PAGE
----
ALUP compressed air installation for Heinz Innovation Centre Nijmegen

New, economical compressed air installation with two variable-speed compressors

The Heinz Innovation Centre in Nijmegen Heinz has brought together a number of European research activities, making this the second largest R&D centre of Heinz in the world. The machines require high quality compressed air, where in the original specifications was spoken of one large compressor however, ALUP had a better suggestion.

ALUP installation at Heinz

Frans van Leeuwen (ALUP) and Paul van Veggel (Wennekes)

Frans van Leeuwen, Senior Sales Engineer at ALUP, explains how the “food-grade” compressed air market develops. "It is a clear trend that the demand for higher quality compressed air increases," according to van Leeuwen. "Many companies with their R&D activities for product development usually have modest and often specialized production facilities. In terms of compressed air, this means that they need one or more smaller compressors with frequency controlled speed and state-of-the-art filter and dryer systems. With this, the demand for high quality compressed air that meets the strict BRC-food requirements for example, such as with Heinz, can be met flexibly but also profitably. ALUP can anticipate to this because we have all kinds of oil-free and oil-lubricated compressors in our assortment. Today it is especially important to look very closely at the need for compressed air and the way and intensity of how this compressed air is used. Modern compressors are available in many capacities and the trick is to find just the right mix for the application. Eventually that proved to be the big challenge at the Heinz Innovation Centre."

TCO

In the specifications for the compressed air installation at Heinz, initially a single variable speed 55 kW compressor was scheduled. According to Paul van Veggel, Sales Project engineer at Wennekes, this is not unusual, but in this particular case it was not optimal. “Fact is that in this Heinz Innovation Centre the production is not continuous on all lines. That means that the demand for compressed air strongly fluctuates. We believe that with the choice for a compressor some things are leading and those are especially energy consumption, flexibility, quality, reliability and maintenance sensitivity. The purchase price also plays a role, but of all the factors this has the least impact on the Total Cost of Ownership (TCO). Energy and other operational costs do, since in the TCO they cover over 92%. That is why we advised to install not one large, but two smaller frequency-controlled screw compressors. After consultation with ALUP we installed two RLR 40 EV oil-injected screw compressors of 30 kW."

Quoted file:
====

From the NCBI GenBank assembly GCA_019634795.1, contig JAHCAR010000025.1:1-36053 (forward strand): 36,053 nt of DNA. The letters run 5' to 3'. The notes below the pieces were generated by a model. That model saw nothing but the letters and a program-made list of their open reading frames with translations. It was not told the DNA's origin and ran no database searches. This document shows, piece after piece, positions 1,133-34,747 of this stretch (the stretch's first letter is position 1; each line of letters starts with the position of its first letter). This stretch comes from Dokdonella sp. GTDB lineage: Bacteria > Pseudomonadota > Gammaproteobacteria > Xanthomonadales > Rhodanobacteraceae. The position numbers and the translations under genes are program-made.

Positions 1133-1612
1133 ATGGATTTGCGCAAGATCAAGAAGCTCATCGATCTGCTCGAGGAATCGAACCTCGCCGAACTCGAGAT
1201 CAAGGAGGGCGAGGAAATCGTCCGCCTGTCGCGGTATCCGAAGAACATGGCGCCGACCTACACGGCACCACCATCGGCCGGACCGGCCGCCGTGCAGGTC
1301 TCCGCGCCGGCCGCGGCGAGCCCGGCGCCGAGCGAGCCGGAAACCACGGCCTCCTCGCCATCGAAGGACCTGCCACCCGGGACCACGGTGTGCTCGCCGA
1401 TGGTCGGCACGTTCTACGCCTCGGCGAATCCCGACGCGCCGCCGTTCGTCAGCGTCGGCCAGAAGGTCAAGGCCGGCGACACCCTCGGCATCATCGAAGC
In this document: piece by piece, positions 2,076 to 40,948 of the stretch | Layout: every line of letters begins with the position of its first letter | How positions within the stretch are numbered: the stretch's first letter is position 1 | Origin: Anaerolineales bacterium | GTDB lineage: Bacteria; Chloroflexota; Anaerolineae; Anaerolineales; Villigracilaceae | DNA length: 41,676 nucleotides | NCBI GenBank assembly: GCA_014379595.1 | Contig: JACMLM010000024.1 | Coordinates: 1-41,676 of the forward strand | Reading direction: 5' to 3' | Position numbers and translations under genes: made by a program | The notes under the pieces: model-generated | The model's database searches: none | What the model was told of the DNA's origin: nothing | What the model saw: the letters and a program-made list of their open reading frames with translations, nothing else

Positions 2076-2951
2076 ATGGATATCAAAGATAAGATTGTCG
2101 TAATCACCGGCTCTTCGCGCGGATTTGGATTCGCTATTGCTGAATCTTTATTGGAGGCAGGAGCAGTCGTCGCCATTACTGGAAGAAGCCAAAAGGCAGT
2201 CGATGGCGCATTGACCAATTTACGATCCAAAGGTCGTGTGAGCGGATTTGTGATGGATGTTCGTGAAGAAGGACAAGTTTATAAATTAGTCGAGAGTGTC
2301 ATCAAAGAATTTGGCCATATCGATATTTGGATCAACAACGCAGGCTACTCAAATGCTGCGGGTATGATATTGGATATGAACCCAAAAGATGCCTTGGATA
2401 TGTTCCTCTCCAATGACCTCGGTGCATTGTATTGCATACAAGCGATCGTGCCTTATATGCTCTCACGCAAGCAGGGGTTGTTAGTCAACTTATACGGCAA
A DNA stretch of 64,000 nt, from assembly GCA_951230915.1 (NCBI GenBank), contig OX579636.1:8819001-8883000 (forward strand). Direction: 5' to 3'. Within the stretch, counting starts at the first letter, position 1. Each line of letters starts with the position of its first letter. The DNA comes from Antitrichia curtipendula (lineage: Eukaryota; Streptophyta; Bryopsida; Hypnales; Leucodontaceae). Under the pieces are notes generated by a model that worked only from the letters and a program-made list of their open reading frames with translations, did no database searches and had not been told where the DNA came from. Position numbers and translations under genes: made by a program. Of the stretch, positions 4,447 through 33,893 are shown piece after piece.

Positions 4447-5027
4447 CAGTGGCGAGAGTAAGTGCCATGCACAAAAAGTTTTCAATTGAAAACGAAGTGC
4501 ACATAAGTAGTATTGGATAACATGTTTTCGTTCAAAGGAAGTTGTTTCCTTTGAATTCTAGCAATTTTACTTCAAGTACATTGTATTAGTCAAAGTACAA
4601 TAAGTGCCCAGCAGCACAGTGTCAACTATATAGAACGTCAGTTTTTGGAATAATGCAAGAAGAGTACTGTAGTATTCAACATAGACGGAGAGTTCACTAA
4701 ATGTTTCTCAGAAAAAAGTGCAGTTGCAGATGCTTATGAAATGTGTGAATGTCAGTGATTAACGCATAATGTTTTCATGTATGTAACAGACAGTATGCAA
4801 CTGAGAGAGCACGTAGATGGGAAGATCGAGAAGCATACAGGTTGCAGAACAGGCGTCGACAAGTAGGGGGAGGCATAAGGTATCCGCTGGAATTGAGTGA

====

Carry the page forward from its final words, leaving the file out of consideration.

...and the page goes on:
Oil injected

Why oil injected and not oil free, which you would expect in a food-application? “This has mainly to do with reduction of the operating costs,” according to Frans van Leeuwen. “Oil injected screws are more cost-effective, but obviously we will use a food-grade lubricant. It is also important for energetic reasons to work with dry air. That is why we chose for a dew point driven adsorption installation. Furthermore the system is now redundant and maintenance is more effective because you can work on one machine while the other one is fully functioning and vice versa. So that also saves money.”

Two buffer tanks

The compressor installation at the Heinz Innovation Centre is equipped with two 900 litre buffer tanks instead of one large one. Why is that? “The choice for two tanks has to do with a more compact build and further optimisation of the adsorption installation,” Paul van Veggel replies. “We placed one buffer tank before the adsorption dryer and the other one after it. Therefore you hold, as the adsorption dryer is busy regenerating, sufficient air reserves in the buffers to complete the regeneration process, if the compressors shut off by the decrease of demand. Pre- and post-filters filter the oil from the air, while the moisture is caught in the first buffer tank for the greater part and is automatically discharged.

Stainless steel pipeline network

Finally Wennekes installed everything perfectly, what also goes for the pipeline network. The main line is executed in 89 mm stainless steel pipe, where the complete net is divided into sections which can be closed per “string”. “The compressed air pipeline is mainly executed in stainless steel and on completion tested and found 100% free of leakage,” underlines Paul van Veggel finally. Heinz also wanted the pipeline system to be as optimally as possible, taking the food requirements into account. Hence the choice for metal and in this case stainless steel, because that way you will never have to deal with corrosion both internally and externally.”

Share this page on